Indulge thy Genius, while the hour's thine own: Even while we speak, some part of it has flown. Snatch the swift-passing good: 'twill end ere long In dust and shadow, and an old wife's song.

'Agapetus and Agapete,' said the Reverend Doctor Opimian, the next morning at breakfast, 'in the best sense of the words: that, I am satisfied, is the relation between this young gentleman and his handmaids.'

Mrs. Opimian. Perhaps, doctor, you will have the goodness to make your view of this relation a little more intelligible to me.

The Rev. Dr. Opimian. Assuredly, my dear. The word signifies 'beloved' in its purest sense. And in this sense it was used by Saint Paul in reference to some of his female co-religionists and fellow-labourers in the vineyard, in whose houses he occasionally dwelt. And in this sense it was applied to virgins and holy men, who dwelt under the same roof in spiritual love.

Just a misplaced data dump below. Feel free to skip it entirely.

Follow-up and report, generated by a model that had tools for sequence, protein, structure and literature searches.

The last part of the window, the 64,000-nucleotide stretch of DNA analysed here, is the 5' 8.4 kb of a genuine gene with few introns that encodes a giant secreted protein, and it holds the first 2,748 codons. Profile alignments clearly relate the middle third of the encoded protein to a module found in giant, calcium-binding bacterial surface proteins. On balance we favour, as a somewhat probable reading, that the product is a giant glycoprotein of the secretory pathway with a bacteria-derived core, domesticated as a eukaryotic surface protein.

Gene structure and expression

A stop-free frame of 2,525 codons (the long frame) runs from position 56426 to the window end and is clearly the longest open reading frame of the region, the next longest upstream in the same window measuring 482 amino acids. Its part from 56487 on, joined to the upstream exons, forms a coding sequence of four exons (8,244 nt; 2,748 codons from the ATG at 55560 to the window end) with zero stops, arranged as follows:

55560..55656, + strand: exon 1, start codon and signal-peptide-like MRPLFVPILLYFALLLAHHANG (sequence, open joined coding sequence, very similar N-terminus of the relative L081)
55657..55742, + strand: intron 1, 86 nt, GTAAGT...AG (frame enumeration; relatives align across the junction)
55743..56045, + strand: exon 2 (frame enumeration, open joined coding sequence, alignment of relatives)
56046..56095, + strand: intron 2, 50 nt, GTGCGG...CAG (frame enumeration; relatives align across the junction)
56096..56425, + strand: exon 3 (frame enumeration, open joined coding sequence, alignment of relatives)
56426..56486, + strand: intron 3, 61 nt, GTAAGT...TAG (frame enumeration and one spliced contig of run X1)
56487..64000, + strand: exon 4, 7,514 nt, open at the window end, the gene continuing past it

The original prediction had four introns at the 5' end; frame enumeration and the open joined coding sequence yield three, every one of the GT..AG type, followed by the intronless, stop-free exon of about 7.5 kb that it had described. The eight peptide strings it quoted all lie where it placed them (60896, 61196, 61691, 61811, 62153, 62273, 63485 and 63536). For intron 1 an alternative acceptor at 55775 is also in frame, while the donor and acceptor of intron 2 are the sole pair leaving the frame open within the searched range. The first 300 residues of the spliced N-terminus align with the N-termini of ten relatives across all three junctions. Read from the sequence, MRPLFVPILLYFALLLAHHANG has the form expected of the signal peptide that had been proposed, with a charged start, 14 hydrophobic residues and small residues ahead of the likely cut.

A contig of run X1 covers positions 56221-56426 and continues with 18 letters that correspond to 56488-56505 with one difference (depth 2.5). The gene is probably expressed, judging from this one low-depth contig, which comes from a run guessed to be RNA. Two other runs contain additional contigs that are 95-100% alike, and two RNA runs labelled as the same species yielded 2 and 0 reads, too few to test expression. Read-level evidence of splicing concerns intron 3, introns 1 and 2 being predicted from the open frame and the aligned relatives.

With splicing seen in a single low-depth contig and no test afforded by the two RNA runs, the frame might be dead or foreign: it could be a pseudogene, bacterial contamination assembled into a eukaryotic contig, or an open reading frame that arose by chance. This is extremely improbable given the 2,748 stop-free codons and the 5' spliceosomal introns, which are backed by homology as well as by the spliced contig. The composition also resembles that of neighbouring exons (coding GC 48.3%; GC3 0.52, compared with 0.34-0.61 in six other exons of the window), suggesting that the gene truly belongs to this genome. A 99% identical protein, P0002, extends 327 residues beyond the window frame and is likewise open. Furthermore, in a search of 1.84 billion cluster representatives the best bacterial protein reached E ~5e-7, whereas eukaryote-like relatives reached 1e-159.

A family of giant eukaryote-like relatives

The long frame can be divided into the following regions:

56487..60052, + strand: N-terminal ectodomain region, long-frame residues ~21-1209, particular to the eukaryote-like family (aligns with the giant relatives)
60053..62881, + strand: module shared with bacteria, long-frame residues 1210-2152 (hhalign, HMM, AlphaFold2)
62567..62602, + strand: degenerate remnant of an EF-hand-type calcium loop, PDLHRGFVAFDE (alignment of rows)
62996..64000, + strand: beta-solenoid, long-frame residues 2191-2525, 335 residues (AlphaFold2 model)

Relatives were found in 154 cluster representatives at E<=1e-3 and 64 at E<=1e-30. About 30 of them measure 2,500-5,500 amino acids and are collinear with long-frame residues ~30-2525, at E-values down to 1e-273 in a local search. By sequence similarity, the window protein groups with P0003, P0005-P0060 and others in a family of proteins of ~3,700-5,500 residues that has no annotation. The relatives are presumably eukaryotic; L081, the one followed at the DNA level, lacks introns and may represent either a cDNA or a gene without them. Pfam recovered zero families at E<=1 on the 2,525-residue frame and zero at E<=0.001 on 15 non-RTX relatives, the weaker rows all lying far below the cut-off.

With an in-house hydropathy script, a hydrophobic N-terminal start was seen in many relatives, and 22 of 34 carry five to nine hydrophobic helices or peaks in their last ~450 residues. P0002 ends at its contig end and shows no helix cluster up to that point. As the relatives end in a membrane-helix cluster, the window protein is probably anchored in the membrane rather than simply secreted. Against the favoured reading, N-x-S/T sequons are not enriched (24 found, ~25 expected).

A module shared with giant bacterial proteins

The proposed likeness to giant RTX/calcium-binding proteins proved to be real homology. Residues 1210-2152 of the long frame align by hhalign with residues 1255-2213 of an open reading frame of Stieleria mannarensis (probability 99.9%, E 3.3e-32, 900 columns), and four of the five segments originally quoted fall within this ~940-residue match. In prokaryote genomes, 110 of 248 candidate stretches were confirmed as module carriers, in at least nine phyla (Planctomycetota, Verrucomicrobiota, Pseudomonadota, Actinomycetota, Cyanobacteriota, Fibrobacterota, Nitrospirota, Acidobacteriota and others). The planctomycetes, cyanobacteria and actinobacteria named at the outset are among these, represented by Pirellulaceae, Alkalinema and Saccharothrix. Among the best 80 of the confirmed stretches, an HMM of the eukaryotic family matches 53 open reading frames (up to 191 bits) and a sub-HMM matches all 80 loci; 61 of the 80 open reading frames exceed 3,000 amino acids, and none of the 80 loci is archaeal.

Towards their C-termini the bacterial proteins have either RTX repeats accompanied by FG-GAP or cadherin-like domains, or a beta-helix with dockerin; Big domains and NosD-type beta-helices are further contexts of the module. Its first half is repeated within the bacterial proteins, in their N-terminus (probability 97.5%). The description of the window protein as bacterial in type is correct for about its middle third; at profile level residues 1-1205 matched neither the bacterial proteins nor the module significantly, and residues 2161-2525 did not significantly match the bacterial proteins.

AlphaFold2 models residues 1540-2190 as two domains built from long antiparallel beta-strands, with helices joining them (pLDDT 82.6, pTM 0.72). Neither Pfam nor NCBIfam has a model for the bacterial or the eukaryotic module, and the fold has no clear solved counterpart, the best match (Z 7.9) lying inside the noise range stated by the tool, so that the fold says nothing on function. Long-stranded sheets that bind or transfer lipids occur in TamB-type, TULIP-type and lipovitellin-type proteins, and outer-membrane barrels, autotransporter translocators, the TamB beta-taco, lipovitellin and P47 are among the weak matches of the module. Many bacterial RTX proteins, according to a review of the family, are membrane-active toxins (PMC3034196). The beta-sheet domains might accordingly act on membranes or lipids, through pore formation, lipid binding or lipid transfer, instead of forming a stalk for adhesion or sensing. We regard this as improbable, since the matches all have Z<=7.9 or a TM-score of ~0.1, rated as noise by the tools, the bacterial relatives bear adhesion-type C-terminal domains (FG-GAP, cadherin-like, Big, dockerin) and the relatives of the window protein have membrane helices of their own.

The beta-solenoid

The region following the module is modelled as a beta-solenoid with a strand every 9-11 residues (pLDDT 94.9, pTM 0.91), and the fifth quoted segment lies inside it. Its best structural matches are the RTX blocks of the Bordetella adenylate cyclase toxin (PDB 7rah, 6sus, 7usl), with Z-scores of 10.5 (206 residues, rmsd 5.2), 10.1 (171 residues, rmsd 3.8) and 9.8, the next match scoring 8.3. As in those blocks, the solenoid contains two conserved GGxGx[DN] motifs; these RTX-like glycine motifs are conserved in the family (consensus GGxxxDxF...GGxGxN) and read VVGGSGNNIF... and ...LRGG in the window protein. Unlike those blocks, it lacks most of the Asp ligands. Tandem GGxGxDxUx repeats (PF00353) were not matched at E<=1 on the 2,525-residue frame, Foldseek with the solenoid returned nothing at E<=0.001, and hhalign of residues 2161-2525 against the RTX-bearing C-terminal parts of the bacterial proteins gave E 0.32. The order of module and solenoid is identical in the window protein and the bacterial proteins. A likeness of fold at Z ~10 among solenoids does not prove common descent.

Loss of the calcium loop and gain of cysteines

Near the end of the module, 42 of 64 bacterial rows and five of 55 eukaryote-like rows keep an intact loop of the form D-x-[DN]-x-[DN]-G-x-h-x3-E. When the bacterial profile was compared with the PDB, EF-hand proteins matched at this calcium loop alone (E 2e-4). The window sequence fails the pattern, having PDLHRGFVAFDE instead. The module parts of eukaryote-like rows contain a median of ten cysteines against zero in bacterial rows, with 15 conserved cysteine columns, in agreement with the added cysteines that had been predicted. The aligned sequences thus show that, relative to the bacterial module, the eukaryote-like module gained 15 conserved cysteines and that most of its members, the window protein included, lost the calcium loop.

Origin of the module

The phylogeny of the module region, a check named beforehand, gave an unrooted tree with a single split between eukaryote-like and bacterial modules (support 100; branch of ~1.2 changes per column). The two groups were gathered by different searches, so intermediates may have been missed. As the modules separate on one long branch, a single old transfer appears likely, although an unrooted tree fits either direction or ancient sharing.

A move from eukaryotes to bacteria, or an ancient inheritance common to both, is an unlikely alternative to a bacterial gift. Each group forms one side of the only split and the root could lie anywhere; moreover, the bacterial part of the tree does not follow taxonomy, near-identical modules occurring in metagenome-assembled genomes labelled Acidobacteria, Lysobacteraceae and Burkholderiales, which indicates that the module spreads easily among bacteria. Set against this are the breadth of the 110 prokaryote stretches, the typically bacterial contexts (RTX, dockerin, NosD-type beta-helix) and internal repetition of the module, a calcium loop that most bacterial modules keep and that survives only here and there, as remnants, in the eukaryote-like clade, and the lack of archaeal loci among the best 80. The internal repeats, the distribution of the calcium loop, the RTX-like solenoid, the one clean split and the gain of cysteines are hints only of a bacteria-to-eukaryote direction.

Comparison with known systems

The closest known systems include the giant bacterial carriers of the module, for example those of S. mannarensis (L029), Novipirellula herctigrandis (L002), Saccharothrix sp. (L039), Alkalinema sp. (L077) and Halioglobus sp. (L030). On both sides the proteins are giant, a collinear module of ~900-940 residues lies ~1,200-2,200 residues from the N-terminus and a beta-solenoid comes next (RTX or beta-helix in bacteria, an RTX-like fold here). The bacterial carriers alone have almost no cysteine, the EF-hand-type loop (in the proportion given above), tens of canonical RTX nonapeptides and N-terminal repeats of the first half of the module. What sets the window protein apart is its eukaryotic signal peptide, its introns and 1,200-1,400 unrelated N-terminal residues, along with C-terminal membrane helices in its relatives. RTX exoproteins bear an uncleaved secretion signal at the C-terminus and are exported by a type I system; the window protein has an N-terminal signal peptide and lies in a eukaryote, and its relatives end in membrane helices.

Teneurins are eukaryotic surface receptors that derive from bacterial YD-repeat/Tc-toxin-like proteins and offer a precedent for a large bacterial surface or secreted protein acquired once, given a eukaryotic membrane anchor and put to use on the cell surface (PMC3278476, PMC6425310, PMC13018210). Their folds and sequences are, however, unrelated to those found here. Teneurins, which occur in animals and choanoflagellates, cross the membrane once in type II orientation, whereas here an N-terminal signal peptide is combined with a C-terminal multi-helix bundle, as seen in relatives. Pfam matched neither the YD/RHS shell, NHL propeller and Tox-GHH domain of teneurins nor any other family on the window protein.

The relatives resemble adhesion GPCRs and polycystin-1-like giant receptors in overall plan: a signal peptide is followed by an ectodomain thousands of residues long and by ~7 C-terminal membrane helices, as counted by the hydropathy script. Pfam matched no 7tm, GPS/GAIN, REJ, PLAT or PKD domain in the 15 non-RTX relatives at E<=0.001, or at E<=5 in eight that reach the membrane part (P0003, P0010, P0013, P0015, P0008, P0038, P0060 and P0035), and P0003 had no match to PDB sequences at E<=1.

Mrs. Opimian. Very likely, indeed. You are a holy man, doctor, but I think, if you were a bachelor, and I were a maid, I should not trust myself to be your aga—aga—



The Rev. Dr. Opimian. Agapete. But I never pretended to this sort of spiritualism. I followed the advice of Saint Paul, who says it is better to marry.

Mrs. Opimian. You need not finish the quotation.

The Rev. Dr. Opimian. Agapete is often translated 'adoptive sister.' A very possible relation, I think, where there are vows of celibacy, and inward spiritual grace.

Mrs. Opimian. Very possible, indeed: and equally possible where there are none.

The Rev. Dr. Opimian. But more possible where there are seven adoptive sisters, than where there is only one.